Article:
Friday, 23 June 2017

Air-Con Discomfort

In Manchester, the heatwave continues and I have availed myself of the air-con in a new coffee-bar that has opened in the lobby of the hotel across the road. It’s a good place to cool down, quiet and comfortable, with a friendly barista who is ‘passionate’ about coffee. Nevertheless, somewhere in the back of my conscience lurks a qualm. It has to do with the state of the environment and a statistic I read recently: in 2015, the power consumed by air-con units in the USA exceeded that used in the whole of Africa for everything. Air-con is essentially selfish: not only does it consume power, but it also dumps the heat extracted from interior spaces to the atmosphere, thereby exacerbating global warming. It was partly guilt at my participation in this ecologically questionable technology that drove me to find a natural method of cooling off: I took the campervan out to the hills of Derbyshire where, for a few days, I lived in a field where breezes blew, trees provided shade and refreshing dew formed on the lush, green grass overnight.
The site was close to the village of Eyam, famous for its grim history. (When the Great Plague of 1665 reached Eyam, the villagers voluntarily isolated themselves from surrounding populations to minimise contagion.) While there, I visited Eyam Hall, the home of a rich family, which is now open to the public. Built six years after the plague, it is of interest for reasons other than morbidity, i.e. architectural, horticultural and historical. Sitting in the middle of the village the double-fronted manor house is isolated from others by a courtyard, outbuildings and extensive grounds. Strolling around the handsome house and beautiful-but-modest gardens caused me to reflect on social inequality and the ways in which it is manifest. Here, in a 17th century English village, rich and poor lived on the same few streets, in differing states of comfort, but with one thing shared: the unpolluted environment. How different from what was to come!
Industrialisation caused the movement of people to centres of manufacturing, where the combination of pollution and inadequate housing separated rich from poor in ways that persist to this day. Those who could afford to built their houses away from the filth, while those who could not were obliged to huddle together wherever was cheapest. Friedrich Engels, in the 1880s, was appalled by the “teeming cellars” inhabited by Manchester’s workers. He also reflected on the adage ‘out of sight, out of mind’ as applied to the physical separation of the classes, which made it less likely that empathy might play a part in stimulating compassionate social reform.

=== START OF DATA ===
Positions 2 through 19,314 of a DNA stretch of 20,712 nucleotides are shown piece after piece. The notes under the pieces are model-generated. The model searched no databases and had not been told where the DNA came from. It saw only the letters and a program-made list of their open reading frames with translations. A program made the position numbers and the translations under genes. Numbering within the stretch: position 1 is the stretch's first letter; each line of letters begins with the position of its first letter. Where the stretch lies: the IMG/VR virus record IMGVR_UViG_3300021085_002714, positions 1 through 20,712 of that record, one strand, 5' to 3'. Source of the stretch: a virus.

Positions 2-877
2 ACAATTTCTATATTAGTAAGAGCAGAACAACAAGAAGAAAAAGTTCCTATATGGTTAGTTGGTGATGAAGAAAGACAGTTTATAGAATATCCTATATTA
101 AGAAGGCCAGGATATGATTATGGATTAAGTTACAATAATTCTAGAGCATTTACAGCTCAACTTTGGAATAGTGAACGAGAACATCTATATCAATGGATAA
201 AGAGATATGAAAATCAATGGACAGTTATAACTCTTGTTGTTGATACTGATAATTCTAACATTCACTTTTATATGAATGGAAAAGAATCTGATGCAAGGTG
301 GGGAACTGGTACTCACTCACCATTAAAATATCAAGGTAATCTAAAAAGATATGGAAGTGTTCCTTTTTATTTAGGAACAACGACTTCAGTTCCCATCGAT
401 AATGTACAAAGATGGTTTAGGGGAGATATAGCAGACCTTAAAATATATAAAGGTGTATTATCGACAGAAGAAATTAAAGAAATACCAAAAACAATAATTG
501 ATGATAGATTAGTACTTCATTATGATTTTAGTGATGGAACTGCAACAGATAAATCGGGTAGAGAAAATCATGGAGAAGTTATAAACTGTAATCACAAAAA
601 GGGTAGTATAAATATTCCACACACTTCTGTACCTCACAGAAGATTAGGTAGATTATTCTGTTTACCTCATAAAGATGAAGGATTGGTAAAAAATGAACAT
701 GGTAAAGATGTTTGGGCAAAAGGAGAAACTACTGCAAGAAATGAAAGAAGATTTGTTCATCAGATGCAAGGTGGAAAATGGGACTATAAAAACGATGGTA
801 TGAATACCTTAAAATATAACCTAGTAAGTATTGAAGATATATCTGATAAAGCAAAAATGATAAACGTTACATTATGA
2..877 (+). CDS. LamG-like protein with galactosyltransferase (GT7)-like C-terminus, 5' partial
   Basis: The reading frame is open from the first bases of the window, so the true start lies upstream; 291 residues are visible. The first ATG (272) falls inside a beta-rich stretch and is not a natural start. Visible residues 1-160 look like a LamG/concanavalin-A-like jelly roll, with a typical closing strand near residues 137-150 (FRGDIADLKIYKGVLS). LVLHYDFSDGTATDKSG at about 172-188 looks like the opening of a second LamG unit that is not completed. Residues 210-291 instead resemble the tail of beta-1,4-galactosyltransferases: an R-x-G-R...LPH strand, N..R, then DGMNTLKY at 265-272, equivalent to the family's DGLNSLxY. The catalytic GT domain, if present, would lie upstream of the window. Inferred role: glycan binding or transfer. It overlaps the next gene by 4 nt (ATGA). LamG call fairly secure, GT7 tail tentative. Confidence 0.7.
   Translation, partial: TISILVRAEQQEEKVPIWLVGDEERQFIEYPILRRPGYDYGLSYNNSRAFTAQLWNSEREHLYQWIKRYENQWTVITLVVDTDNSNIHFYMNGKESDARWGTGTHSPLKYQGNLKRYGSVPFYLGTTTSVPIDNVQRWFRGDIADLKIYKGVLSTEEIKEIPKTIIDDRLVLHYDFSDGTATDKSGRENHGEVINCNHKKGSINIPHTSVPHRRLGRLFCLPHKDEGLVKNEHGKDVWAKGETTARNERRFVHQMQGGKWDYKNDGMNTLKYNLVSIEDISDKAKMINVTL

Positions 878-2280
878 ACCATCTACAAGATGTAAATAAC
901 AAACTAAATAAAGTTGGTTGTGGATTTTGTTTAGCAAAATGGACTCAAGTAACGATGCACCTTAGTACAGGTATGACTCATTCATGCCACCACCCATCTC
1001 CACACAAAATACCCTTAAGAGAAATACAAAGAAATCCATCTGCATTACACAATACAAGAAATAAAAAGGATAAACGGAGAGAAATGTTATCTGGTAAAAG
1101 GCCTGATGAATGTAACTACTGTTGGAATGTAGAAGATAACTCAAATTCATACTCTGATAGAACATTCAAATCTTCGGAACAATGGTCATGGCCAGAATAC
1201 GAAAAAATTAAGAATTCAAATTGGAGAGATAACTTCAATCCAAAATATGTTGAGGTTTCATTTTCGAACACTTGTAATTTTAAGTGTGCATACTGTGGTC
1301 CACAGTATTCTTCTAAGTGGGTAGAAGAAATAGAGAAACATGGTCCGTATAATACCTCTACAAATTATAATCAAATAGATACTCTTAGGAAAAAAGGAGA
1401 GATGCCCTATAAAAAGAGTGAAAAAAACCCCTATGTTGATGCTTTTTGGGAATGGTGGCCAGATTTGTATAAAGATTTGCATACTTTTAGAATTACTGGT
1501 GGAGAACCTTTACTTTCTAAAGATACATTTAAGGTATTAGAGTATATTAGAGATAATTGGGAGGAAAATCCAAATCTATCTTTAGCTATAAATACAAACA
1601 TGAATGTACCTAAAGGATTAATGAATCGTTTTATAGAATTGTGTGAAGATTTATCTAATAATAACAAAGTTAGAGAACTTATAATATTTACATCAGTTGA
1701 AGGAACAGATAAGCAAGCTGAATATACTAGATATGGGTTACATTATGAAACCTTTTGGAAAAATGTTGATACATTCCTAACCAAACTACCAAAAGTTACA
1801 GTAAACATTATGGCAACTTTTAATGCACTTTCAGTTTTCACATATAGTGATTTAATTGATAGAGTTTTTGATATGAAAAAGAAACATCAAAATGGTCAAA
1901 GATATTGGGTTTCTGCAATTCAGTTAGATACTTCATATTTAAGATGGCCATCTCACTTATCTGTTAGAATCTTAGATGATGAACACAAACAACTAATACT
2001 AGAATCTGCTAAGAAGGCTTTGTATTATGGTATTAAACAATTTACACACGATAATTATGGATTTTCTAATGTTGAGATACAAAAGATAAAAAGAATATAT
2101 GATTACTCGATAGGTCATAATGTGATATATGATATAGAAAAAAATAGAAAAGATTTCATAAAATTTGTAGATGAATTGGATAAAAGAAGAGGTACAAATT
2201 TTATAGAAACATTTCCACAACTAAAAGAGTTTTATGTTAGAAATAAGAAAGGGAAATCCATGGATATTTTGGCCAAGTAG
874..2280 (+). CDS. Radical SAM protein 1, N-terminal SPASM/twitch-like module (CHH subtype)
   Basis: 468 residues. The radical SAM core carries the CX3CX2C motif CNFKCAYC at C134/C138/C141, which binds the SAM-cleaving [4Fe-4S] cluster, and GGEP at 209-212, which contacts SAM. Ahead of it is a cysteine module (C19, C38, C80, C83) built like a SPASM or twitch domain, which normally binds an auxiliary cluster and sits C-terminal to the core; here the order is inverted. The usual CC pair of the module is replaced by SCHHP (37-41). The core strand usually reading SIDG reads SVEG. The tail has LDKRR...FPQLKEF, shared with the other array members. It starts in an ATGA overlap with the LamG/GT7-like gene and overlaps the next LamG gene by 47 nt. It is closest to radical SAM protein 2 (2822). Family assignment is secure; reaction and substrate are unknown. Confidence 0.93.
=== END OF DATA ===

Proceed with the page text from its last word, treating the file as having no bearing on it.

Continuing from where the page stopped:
Meanwhile modern cities such as New York and Chicago were building upwards rather than outwards and those who could afford to would leave the squalor of the streets for the clean air, light and security of skyscraper apartment blocks. In Britain’s low-rise cities, residential towers gained currency post 1945, albeit translated into low-cost units for the workers and, although they provided access to cleaner air and light, they have generally been a failed experiment in social engineering and worse, cost many lives through deficient construction, unlike the more recently built ‘luxury’ apartment towers in some city centres. Meanwhile, another phenomenon has occurred: those who own valuable houses in cities are resorting to digging out their basements to increase their living space. It is, apparently, less expensive than buying land on the surface or up in the air.
As for the old advice to “buy land, they ain’t making it any more”, it no longer applies – to the rich, at least. In Dubai they are sucking up sand from the seabed and depositing it to form ‘new’ land. Then they import sand from Australia to mix the concrete to build skyscrapers, which are uninhabitable without air-con. It’s enough to make you choke on your cappuccino.

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